DULUTH — George Hovland grew up skiing in Duluth and never stopped.
When he was 18 months old, his parents taught him to ski on the snow bank in their front yard. By 11, he had launched himself off the Big Chester ski jump. And by 25, was on the U.S. cross-country team at the 1952 Winter Olympics in Oslo.
He continued skiing — both cross-country and downhill — for the rest of his life. This past winter, he could be found skiing in single-digit temperatures along the trails he designed at Snowflake Nordic Center, which he owned. He regularly went skiing down the hills at Spirit Mountain, which he also helped establish, until its season ended in March of this year. Then he drove up to Giants Ridge in Biwabik to get a few more downhill runs in before spring.
"He felt so great when he was moving on a trail," said his wife Jane Hovland. "He just loved being outdoors."
Hovland died Sunday, May 9, at St. Luke's Hospital in Duluth from complications after hip surgery following a fall. He was 94.
During World War II, Hovland served as quartermaster on a geodesic survey boat in the South Pacific from 1943 to 1945. The boats would scope out islands and atolls where marines could land. When they surveyed Bikini Atoll, which would soon be used to test nuclear weapons, Hovland's commanding officer asked him to stay longer and offered him a promotion.
"No, skiing is calling me back to Minnesota," Hovland responded, according to Jane.
"George said skiing saved his life because he would've been exposed to all that radioactive stuff," Jane said.
After graduating from the University of Minnesota and competing internationally, he returned to Duluth and left his mark on Duluth's ski culture while also designing homes.
He started Duluth's first ski shop, called simply "The Ski Shop." He also once co-owned the Mont du Lac Ski Area and started Duluth's first commercial ski hill, which used a tow rope to bring skiers back up the hill.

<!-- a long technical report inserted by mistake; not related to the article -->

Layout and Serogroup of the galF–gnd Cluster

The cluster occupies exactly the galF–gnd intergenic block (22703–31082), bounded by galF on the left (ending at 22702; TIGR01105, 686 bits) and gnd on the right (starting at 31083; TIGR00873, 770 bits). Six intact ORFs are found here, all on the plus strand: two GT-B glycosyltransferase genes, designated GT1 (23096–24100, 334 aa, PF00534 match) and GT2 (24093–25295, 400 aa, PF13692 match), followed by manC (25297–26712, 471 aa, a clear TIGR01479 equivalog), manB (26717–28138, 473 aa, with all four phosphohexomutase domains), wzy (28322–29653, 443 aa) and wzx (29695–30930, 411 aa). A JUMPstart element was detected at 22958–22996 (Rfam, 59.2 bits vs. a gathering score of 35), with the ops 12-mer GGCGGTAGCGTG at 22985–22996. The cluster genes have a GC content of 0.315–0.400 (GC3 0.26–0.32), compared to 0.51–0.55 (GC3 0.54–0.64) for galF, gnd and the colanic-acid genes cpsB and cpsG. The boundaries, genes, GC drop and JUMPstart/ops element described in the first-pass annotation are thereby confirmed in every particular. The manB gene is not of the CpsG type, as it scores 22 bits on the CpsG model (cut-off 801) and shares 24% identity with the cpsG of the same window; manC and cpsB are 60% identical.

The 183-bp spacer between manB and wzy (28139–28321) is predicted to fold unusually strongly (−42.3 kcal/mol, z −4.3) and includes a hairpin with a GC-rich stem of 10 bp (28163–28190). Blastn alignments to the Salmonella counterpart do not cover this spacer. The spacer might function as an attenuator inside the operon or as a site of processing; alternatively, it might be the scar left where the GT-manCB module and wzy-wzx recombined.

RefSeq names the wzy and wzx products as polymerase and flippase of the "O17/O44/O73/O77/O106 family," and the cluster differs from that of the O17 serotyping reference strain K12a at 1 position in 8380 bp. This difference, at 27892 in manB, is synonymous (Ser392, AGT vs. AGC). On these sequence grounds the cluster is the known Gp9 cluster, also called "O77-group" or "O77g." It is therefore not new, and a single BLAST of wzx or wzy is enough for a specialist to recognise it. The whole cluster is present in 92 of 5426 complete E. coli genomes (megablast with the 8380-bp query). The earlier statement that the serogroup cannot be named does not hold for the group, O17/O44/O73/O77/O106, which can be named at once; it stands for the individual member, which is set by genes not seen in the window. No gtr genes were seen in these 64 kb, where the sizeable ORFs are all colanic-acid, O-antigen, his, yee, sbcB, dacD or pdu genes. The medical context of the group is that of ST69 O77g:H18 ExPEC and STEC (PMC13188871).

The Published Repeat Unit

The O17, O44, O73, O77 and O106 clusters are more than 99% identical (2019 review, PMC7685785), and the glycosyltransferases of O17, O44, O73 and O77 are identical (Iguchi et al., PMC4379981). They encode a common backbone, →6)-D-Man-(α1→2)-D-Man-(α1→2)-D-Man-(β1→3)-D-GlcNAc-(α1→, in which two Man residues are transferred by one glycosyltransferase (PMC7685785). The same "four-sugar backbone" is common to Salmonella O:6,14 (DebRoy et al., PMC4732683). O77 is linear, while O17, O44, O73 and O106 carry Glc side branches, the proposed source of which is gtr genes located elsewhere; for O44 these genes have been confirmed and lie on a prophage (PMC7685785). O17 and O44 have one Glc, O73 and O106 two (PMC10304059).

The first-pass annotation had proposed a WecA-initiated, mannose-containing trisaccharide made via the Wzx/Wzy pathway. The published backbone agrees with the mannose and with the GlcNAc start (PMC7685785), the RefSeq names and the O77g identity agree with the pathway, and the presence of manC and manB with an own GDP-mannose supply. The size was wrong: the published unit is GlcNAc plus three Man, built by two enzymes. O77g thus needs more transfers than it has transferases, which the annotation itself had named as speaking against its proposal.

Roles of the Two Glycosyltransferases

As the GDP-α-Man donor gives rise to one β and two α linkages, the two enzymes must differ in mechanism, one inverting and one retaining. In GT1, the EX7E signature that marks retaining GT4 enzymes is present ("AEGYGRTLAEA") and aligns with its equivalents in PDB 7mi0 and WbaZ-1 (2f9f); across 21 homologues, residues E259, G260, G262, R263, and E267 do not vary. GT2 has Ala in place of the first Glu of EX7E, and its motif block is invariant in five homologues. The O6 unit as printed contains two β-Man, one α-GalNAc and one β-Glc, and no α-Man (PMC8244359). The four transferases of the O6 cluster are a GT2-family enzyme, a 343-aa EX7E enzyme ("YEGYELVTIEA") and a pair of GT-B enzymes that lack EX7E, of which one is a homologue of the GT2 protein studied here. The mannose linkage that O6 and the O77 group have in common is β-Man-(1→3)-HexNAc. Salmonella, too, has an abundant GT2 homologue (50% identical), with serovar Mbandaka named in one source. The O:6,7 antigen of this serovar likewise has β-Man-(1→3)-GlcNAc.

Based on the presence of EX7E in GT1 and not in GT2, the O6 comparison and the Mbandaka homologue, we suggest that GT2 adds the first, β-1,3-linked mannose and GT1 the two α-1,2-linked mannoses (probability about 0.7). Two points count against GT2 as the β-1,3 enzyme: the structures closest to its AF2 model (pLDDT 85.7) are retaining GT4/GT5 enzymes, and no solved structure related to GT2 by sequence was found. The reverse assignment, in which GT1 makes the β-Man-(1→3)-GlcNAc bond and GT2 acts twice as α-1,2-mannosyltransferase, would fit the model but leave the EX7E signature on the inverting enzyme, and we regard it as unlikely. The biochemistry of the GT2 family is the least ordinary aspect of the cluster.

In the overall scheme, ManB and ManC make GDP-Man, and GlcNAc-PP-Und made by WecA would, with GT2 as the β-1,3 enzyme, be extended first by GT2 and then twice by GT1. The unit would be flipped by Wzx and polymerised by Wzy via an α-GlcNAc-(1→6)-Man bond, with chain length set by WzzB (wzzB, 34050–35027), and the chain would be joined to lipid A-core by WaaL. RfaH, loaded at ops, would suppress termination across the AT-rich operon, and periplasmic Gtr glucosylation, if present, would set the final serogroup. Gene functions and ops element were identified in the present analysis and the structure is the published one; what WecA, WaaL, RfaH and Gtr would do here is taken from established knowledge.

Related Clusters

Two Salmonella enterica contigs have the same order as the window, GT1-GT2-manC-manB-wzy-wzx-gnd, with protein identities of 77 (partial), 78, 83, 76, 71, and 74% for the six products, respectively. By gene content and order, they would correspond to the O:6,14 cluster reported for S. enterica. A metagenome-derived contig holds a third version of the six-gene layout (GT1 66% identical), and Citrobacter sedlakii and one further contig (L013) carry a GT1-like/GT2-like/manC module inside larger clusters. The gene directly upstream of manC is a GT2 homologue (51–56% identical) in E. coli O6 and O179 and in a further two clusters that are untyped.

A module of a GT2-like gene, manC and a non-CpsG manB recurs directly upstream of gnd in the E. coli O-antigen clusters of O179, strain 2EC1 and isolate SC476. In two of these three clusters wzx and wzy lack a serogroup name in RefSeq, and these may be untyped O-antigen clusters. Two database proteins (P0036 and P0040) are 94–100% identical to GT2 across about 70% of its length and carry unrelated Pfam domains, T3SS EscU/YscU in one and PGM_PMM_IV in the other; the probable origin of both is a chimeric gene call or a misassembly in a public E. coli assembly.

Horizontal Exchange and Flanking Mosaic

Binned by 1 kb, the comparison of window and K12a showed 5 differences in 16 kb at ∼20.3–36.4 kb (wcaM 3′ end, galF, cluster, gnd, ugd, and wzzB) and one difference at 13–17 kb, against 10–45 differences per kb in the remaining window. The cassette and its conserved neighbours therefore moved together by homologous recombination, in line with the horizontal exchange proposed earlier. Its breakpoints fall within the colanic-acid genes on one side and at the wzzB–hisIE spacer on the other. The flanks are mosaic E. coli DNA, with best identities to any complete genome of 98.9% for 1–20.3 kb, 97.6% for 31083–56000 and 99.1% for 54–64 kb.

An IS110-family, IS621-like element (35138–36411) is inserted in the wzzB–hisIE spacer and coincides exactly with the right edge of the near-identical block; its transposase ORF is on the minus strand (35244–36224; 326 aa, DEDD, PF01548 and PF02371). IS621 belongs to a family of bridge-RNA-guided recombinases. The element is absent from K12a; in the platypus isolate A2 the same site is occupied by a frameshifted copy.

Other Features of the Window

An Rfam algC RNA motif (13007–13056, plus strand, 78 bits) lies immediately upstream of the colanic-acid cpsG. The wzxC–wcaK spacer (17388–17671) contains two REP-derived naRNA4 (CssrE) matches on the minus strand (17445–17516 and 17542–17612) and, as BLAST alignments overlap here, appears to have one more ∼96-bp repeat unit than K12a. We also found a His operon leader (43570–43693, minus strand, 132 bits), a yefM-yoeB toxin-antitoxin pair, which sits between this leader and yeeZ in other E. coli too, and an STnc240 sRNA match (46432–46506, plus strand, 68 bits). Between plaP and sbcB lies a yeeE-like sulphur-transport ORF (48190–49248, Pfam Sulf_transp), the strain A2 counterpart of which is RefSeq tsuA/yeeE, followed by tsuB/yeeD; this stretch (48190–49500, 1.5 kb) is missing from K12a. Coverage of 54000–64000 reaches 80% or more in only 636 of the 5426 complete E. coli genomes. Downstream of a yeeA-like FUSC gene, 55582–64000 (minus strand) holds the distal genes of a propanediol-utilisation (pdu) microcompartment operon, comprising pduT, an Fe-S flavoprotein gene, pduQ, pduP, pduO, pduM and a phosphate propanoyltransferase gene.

He conceived the original idea and location for what is now the Spirit Mountain ski hill and laid out all of the cross-country ski trails at the top of the hill. He assisted in designing ski trails at Giant's Ridge, Duluth's Hartley Park and in the Superior Municipal Forest.
"His fingerprints are on just about everything involved in cross-country skiing in the city," said longtime friend and skier Gary Larson of Duluth.
Larson was Nordic director at Giants Ridge when Hovland and Al Merrill designed the cross-country ski trails there, which would go on to host Minnesota's first and only International Ski Federation’s Cross-Country World Cup in 1985.
Thanks to Hovland's international racing experience, the trails he designed were top-notch, Larson said.
"He brought back this love for the sport that he saw when he was traveling in Europe and competing," Larson said.
He continued to compete late in life. In his 33rd and final American Birkebiener in 2012 at the age of 85, he skied the entire race with his heart in atrial fibrillation — stopping partway through for a nap.
Once when he was downhill skiing at Spirit Mountain, his pacemaker went off without him knowing. He fainted, got back up, skied a few more runs and drove home, Jane said.
Dave Johnson, head coach of the Marshall School Nordic ski team, said skiing with Hovland sometimes meant stopping every few hundred meters so Hovland could tell him a story.
Hovland told Johnson he was a bellhop at the Hotel Duluth, and after he would bring the bags up in the elevator, he would run down the stairs and race the elevator back down. When he was a shoe salesman, he would run to and from the customer and shoe rack, just to sneak in more training.
On top of that, he was known to talk on the phone, shave and drive at the same time, Johnson said. Jane said he could change out of training clothes as he drove, too.
"I think that really sums up his life, in that he packed more into a day than most people pack into a week," Johnson said. "That was just how he lived his life — at full speed all the time."
In 1993, Hovland and Jane founded Snowflake Nordic Ski Center, a 15-kilometer system of cross-country ski trails, a biathlon range and a chalet. There the Hovlands started KidSki, which paired high school skiers with younger children learning to ski.
"Snowflake was (Hovland's) life," Johnson said.
In a 2009 story, Hovland said he knew Snowflake would never make him rich. At the time, he laughed and said it wasn't even profitable. But that didn't matter — Snowflake had become the center of his life.
"It's far exceeded my expectations," Hovland said of Snowflake. "I don't know what love is. There's husband-wife love. There's parent-child love. But the affection" — he stops here, considering his words — "you get to just love these kids."